Somnium Space started auctions for land parcels on a weekly basis and this marketing tactic is driving attention for their upcoming second land sale. The virtual world topped the trading charts on OpenSea over the weekend, only to be surpassed with a small difference by Cryptovoxels. As a result Somnium Space is generating quite some hype.
This hype is most related to investment potentials, because according to SteamDB the player numbers didn’t increase. On a daily basis only five people play the game. However, Somnium Space isn’t limited to Steam. The game can also be downloaded from the official website using a dedicated client.
Social events in the game generally attract a couple of dozen users. Even music events with paid entrance have people joining in on the fun. Over the weekend over ten people danced to electronic music in a virtual club called Club Hex.
Last week investors spend 90 ETH, over 13 thousand dollars, on 25 land parcels in the virtual world. This were sold separately in a Dutch auction, during which the price drops until someone buys it. Late March several waterside parcels sold for 110 ETH, which equaled 14 thousand dollars at that time.
Every week Somnium Space is auctioning 25 land parcels on OpenSea. These auctions are all a promotion for the upcoming second land offering. The Road to the Second Land Offering event takes a total of ten weeks. After these ten weeks, the team will announce the date for the secondary land offering, which is likely to take place in the second half of the year.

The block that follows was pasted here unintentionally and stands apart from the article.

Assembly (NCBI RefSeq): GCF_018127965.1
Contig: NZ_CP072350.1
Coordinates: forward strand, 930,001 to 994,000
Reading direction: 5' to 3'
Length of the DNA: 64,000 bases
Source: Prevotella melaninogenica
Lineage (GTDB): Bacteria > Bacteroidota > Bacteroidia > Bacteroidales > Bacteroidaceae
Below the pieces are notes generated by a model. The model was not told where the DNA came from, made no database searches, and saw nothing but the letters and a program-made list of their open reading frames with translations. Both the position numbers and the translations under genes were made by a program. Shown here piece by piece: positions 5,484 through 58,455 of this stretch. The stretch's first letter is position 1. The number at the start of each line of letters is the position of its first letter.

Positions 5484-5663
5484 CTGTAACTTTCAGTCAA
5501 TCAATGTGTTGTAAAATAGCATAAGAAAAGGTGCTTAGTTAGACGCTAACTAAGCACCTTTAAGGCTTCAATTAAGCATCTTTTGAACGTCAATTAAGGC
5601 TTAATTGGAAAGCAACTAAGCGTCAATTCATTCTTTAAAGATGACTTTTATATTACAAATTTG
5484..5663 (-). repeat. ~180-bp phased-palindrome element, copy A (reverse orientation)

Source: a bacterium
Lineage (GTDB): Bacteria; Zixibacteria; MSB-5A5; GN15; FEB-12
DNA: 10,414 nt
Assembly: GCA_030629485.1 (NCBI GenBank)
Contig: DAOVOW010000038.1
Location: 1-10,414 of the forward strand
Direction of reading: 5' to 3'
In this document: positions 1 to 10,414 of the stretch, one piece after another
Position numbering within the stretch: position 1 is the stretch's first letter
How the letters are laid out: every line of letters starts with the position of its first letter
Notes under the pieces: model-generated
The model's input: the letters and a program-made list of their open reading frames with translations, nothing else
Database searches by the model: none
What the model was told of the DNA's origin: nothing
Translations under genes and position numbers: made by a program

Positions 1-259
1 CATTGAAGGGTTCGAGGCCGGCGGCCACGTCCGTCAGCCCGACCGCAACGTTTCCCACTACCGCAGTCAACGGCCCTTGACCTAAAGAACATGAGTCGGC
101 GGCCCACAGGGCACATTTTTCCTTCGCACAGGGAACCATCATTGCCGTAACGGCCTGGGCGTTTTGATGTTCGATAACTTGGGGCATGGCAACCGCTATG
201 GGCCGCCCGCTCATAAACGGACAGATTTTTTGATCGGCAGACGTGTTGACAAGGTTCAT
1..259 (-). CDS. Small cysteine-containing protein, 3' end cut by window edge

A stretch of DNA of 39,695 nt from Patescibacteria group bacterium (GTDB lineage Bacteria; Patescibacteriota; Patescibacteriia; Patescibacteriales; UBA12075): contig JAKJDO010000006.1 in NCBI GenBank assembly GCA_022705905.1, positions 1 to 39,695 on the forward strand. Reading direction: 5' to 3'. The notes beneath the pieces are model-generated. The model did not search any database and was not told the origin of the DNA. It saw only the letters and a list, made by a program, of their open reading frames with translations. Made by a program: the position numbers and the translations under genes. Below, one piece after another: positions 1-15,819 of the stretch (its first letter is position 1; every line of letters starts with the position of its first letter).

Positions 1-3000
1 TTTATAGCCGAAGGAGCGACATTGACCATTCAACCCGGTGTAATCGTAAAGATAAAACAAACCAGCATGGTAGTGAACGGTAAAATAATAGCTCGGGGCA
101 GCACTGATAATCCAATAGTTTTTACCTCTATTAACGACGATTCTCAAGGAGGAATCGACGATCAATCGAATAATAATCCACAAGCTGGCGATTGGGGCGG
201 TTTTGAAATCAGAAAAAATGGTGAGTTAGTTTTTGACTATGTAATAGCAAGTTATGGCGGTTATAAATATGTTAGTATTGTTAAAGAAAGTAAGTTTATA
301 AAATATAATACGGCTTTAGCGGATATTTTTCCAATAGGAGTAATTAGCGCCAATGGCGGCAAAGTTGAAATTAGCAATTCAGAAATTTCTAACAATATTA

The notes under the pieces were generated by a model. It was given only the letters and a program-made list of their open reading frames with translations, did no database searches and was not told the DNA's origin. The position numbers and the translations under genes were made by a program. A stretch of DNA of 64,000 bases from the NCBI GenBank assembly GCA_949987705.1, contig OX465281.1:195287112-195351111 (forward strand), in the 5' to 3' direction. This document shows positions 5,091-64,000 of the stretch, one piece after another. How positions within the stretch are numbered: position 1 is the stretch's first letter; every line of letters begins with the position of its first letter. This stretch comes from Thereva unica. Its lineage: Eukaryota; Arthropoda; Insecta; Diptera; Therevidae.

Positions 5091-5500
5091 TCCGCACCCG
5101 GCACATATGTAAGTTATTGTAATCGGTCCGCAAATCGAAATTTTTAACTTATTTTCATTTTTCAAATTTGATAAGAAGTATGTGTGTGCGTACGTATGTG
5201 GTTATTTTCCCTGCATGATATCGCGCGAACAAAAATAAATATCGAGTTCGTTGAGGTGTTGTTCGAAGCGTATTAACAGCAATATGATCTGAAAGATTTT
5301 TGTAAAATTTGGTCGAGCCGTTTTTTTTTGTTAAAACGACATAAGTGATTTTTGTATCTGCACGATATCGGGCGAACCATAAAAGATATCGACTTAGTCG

Virtual land rush
The real virtual land rush we’re seeing in games that offering a virtual world or virtual reality. At the moment there are four titles that come to mind: Somnium Space, Decentraland, Cryptovoxels and The Sandbox. However, other games are also jumping in. Axie Infinity had land pieces for sale a while ago, even though these don’t have any utility within the game yet. At the same time Brave Frontier Heroes is selling land right now.
Ownership over this digital land is stored on the blockchain, and land owners can sell or trade whatever they want. In virtual worlds the idea is that land owners are able to create anything on their land. They can build a house or something nice to look at, but they are also capable of monetizing elements of their land. For example, they could create a virtual museum with an entrance fee, or a virtual store.
In games like Axie Infinity and Brave Frontier Heroes land has another usage. Often these lands offer new gameplay options and another way to earn some money. Take MegaCryptoPolis for example, in which players earn money when surrounding land around their own parcel goes up in value.
A critical perspective on growing demand
There’s a lot of potential in developing virtual worlds on blockchain technology. But teams also need to be able to create a captivating, useful or fun experiences for those who are visiting. Is this virtual world still fun or useful if you don’t own any land? That’s the biggest question. Nonetheless, there’s a lot of demand for virtual land.
It’s always good to be critical about potential financial gain. It’s still very early in the technology, and above everything it’s a new business model that we haven’t seen yet in modern gaming. We’ve never had to pay for virtual land in The Sims, Civilization or Second Life.
The big question is, whether a big audience is willing to visit these virtual worlds. These worlds need to be able to offer something that can’t be found anywhere. Think about for example interactive education, unique gameplay or great social experiences. In addition these virtual worlds need to be able to offer an entertaining world where everybody is able to have some fun. Whether Decentraland, Cryptovoxels, Somnium Space and The Sandbox are able to provide that, remains to be seen.
Also published on Medium.